Scientists applying artificial intelligence to data from NASA’s Kepler Space Telescope have discovered an eighth planet around the star Kepler-90 — breaking the record for the star with the most exoplanets and, for the first time, tying with our own.
The planet Kepler-90i, described at a briefing Thursday and in a paper accepted for publication in the Astronomical Journal, demonstrates for the first time that other stars can host planetary systems as populous as our own solar system.
The findings also establish the growing role that neural networks and other machine learning techniques could play in the hunt for more elusive planets outside our own solar neighborhood.
“Kepler has already shown us that most stars have planets,” said Paul Hertz, director of NASA’s Astrophysics Division in Washington. “Today Kepler confirms that stars can have large families of planets just like our solar system.”
Kepler-90i sits around a sun-like star 2,545 light years away in the constellation Draco. Like the Earth, Kepler-90i is also the third rock from its sun — though it sits much closer, circling its star every 14.4 days. The two small planets within its orbit (planets 90b and 90c) revolve around Kepler-90 every seven and nine days, respectively.
The next three planets beyond Kepler-90i’s orbit (90d, 90e and 90f) fall into a sub-Neptune size class and orbit every 60, 92 and 125 days, respectively. The last two planets, 90g and 90h, are Jupiter-class gas giants, and take 211 and 332 days, respectively, to make a round trip.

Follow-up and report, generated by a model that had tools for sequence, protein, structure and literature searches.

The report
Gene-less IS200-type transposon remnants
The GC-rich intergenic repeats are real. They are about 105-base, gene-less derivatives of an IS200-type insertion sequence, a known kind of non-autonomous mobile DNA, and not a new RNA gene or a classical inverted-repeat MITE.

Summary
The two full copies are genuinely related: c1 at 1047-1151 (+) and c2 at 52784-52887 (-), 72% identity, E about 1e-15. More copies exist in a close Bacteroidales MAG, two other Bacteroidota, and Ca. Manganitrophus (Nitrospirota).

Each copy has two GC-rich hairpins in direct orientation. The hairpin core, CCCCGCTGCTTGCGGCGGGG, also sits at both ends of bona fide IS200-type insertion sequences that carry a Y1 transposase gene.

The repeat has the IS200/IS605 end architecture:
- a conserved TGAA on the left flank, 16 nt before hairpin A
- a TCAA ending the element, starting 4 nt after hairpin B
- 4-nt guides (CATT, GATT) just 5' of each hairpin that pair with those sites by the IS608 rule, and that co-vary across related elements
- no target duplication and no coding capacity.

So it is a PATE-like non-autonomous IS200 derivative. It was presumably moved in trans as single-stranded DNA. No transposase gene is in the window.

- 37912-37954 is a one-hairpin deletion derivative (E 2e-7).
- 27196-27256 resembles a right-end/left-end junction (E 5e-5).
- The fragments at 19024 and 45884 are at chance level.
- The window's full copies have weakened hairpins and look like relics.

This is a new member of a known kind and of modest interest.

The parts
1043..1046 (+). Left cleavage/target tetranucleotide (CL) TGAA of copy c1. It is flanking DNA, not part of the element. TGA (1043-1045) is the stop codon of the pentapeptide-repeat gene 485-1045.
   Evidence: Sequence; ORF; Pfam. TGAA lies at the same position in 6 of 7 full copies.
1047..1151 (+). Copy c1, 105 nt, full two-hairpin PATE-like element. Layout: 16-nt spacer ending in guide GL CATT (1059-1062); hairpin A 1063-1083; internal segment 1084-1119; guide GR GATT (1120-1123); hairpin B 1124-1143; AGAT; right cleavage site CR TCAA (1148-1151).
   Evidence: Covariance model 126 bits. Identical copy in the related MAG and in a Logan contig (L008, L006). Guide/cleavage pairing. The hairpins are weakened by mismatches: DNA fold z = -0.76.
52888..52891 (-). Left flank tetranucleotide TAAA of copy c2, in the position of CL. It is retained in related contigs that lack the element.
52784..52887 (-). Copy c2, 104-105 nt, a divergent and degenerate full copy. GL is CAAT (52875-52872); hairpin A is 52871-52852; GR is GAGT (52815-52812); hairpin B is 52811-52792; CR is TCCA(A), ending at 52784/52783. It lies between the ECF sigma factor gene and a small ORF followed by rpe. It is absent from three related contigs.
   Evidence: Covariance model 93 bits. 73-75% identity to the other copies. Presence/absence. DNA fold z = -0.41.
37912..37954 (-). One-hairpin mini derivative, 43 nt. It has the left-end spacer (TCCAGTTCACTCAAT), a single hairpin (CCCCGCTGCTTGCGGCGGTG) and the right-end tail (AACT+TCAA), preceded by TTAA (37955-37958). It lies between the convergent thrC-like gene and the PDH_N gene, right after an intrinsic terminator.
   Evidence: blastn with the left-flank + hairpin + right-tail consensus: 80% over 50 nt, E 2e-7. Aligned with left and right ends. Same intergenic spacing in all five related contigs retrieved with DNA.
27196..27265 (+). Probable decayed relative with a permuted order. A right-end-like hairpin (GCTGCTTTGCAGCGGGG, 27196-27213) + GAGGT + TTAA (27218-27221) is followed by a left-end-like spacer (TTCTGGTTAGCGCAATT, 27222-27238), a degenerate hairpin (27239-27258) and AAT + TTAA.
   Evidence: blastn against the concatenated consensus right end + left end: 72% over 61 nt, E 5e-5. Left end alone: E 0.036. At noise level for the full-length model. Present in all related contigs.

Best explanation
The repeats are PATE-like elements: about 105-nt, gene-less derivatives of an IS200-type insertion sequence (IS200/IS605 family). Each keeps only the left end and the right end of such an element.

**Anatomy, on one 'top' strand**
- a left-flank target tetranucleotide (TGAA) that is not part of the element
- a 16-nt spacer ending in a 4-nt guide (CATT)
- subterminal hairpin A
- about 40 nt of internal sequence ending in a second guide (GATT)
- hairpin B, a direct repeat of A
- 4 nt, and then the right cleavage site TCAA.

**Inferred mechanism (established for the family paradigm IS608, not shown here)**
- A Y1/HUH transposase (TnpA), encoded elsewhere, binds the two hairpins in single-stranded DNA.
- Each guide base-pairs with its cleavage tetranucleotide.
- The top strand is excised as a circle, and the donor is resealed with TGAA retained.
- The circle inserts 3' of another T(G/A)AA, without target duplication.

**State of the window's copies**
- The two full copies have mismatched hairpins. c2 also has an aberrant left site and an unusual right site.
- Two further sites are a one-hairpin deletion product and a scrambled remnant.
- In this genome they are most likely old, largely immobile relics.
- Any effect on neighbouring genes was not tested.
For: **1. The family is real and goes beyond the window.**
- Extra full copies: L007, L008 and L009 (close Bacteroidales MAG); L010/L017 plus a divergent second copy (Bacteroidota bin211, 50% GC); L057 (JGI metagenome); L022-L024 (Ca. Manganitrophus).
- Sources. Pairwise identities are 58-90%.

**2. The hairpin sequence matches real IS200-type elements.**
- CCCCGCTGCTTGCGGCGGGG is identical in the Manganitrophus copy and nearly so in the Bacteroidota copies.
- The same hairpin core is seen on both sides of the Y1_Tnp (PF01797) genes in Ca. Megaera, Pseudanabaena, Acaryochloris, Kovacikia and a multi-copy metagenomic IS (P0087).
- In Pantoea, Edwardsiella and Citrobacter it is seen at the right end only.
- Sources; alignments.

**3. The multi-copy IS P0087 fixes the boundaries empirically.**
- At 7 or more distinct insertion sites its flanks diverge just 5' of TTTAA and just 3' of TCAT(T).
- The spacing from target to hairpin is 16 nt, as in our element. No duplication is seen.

All of the planets except for 90i were previously known. That put the Kepler-90 system in a tie with the seven-planet Trappist-1 system for the honor of most populous exoplanet solar system.
In some ways, the Kepler-90 system seems to echo our own, with small rocky planets (Mercury, Venus, Earth, Mars) closer in to the sun and larger, more gas-rich ones (Jupiter and Saturn, Neptune and Uranus) lying farther out.
Scientists think there’s a reason the larger planets orbit farther from their sun: It’s the cool place to be.
“In our own solar system, this pattern is often seen as evidence that the outer planets formed in a cooler part of the solar system, where ice can stay solid and clumped together to make bigger and bigger planets,” said Andrew Vanderburg, an astronomer at the University of Texas at Austin.
The same phenomenon could be at work here, scientists said.
But the exoplanet system differs from ours in at least one major way: All eight planets’ orbits would lie well within that of the Earth, which takes 365 days to circle our own sun.
The researchers said they aren’t sure why the Kepler-90 system has such a crowded field. It could mean that at least some of the planets formed farther out and were eventually drawn inward.
Regardless, it means that Kepler 90i, third rock though it may be, is too hot to be habitable.
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